Dominic Raab plans law to override EU rulings blocking deportations from Rwanda | Political news

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The Deputy Prime Minister wants to introduce a Bill of Rights to ignore European Court of Human Rights rulings blocking deportation flights to Rwanda.

Dominic Raab introduces the bill, which would also increase deportations of foreign criminals, to parliament on Wednesday after the Strasbourg court challenged the government’s heavily criticized policy to send asylum seekers to this East African country.

The Deputy Prime Minister wants the successor to the Human Rights Act to say that UK courts do not always need to follow the European Court of Human Rights.

Instead, the legislation states that the Supreme Court in London is the ultimate decision maker on human rights issues.

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The bill would create a leave stage in court where claimants must prove they have suffered significant damage before their case can go forward, to reduce “trivial” cases.

It would also seek to restrict the circumstances in which foreign-born people convicted of criminal offenses can argue that their right to family life trumps public safety in a bid to prevent their deportation from the Kingdom. -United.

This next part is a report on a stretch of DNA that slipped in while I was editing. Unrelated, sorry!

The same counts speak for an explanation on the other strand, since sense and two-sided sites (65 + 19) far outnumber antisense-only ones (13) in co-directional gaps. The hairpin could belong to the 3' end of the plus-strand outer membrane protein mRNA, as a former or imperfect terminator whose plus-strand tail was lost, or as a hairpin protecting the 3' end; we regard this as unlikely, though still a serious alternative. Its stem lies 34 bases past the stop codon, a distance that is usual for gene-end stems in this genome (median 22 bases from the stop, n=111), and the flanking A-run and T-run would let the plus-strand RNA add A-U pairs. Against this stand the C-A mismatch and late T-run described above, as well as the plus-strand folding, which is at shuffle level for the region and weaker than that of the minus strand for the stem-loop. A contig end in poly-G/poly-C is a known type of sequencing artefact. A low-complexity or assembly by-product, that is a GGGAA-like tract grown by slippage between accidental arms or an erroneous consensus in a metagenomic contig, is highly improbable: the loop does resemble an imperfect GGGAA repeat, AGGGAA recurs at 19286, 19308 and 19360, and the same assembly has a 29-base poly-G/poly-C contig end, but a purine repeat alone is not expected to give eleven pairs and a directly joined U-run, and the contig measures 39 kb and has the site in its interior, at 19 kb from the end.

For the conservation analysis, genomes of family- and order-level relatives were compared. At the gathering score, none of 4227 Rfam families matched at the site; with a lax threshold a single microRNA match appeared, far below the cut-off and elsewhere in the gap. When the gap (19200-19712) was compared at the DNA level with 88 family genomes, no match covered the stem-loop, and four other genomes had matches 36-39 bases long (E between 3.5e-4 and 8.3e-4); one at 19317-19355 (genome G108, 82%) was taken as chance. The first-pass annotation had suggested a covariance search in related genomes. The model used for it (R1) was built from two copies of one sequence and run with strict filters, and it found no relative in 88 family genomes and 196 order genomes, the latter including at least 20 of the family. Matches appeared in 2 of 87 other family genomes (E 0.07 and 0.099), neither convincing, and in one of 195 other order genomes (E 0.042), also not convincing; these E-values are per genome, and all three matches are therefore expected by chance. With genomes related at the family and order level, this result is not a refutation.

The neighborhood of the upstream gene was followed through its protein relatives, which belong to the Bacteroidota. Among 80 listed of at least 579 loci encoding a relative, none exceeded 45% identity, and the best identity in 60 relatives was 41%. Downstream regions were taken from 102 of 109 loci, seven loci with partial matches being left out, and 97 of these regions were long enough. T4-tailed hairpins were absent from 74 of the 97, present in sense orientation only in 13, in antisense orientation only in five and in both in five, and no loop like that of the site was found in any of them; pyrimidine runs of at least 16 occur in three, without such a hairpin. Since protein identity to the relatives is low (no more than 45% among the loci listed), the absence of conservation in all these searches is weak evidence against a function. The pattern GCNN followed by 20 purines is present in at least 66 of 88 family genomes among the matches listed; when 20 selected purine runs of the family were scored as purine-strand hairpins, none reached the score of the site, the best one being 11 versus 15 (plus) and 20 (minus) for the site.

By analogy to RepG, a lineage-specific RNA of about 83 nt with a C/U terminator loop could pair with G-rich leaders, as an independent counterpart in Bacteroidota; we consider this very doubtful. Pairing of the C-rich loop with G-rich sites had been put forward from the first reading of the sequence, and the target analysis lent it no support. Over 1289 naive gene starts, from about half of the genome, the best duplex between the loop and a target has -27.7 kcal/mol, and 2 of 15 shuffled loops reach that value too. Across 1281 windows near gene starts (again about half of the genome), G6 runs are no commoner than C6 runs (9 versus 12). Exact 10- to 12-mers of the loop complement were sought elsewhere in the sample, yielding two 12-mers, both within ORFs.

They would have to prove that their child would suffer overwhelming and unavoidable harm if they were deported.

Mr Raab, who is also Justice Secretary, said: “The Bill of Rights will strengthen our British tradition of freedom while injecting a healthy dose of common sense into the system.

“These reforms will strengthen freedom of expression, allow us to deport more foreign offenders and better protect the public from dangerous criminals.”

He resisted demands from some Tory MPs to withdraw from the European Convention on Human Rights.

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Rwanda: What is the government program?

The first flight of asylum seekers to Rwanda was due to take off last week, with ministers initially expecting around 130 forced removals, but legal challenges reduce manifesto until around seven or fewer migrants are expected on board.

The European Court then granted an interim injunction prohibiting the deportation of an Iraqi asylum seeker until a decision on the legality of the government’s policy was made by the British courts.

Strasbourg judges removed two other people from the plane, while the Supreme Court granted injunctions preventing the immediate removal of three others.

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Mr Raab’s legislation would confirm that the court’s interim measures under so-called Rule 39 are not binding on UK courts.

The bill would also seek to bolster government plans to increase the use of separation centers for extremists in legal challenges based on the right to socialize.

The Justice Department said it would also strengthen press freedom by introducing a stricter test that courts must consider before ordering journalists to disclose their sources.

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